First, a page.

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Abstract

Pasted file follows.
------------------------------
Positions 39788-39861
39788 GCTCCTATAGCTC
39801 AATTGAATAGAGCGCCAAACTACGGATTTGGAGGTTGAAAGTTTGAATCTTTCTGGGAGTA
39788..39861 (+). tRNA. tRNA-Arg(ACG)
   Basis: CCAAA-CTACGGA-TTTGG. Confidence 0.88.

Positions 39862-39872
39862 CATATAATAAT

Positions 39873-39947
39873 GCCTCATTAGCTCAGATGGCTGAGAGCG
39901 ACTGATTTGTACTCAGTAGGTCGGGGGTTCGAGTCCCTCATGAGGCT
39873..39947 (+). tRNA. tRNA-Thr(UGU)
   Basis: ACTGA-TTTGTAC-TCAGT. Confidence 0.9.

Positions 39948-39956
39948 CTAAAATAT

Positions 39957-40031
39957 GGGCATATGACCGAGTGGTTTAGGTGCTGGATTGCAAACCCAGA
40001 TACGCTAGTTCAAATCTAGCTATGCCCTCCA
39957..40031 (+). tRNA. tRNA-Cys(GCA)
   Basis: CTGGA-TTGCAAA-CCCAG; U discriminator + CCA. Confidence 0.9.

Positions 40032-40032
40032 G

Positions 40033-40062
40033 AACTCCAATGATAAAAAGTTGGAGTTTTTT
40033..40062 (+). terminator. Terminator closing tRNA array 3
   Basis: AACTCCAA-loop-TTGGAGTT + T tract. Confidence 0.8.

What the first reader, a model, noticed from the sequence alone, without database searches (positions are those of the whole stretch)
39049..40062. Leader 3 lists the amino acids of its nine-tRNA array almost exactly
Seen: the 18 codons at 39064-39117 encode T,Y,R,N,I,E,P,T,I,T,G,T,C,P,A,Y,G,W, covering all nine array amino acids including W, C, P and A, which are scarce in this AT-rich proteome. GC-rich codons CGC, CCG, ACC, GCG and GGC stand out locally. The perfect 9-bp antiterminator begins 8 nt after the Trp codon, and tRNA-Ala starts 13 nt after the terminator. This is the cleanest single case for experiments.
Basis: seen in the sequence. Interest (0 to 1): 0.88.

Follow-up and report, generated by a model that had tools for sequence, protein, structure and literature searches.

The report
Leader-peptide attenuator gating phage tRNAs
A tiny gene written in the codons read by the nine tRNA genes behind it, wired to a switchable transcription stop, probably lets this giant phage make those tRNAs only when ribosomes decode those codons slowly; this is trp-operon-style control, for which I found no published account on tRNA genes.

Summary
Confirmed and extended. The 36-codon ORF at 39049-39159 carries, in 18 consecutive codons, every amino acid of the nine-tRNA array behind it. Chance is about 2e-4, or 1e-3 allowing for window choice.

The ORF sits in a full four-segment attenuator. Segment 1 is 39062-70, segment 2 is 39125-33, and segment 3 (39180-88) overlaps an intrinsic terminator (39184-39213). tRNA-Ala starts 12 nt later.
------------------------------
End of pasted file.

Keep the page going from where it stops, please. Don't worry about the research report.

The policy of religious neutrality in colonial India, the forebear of post-colonial secularism, was radically reshaped in the process of implementing governmental welfare measures directed at ‘untouchable’ Pariahs. This article reveals how caste came to be understood as a matter of religion – and therefore outside the purview of legitimate state intervention – in a series of conflicts involving state agents, European missionaries, Indian landlords and Pariah agricultural servants in late nineteenth-century Madras Presidency.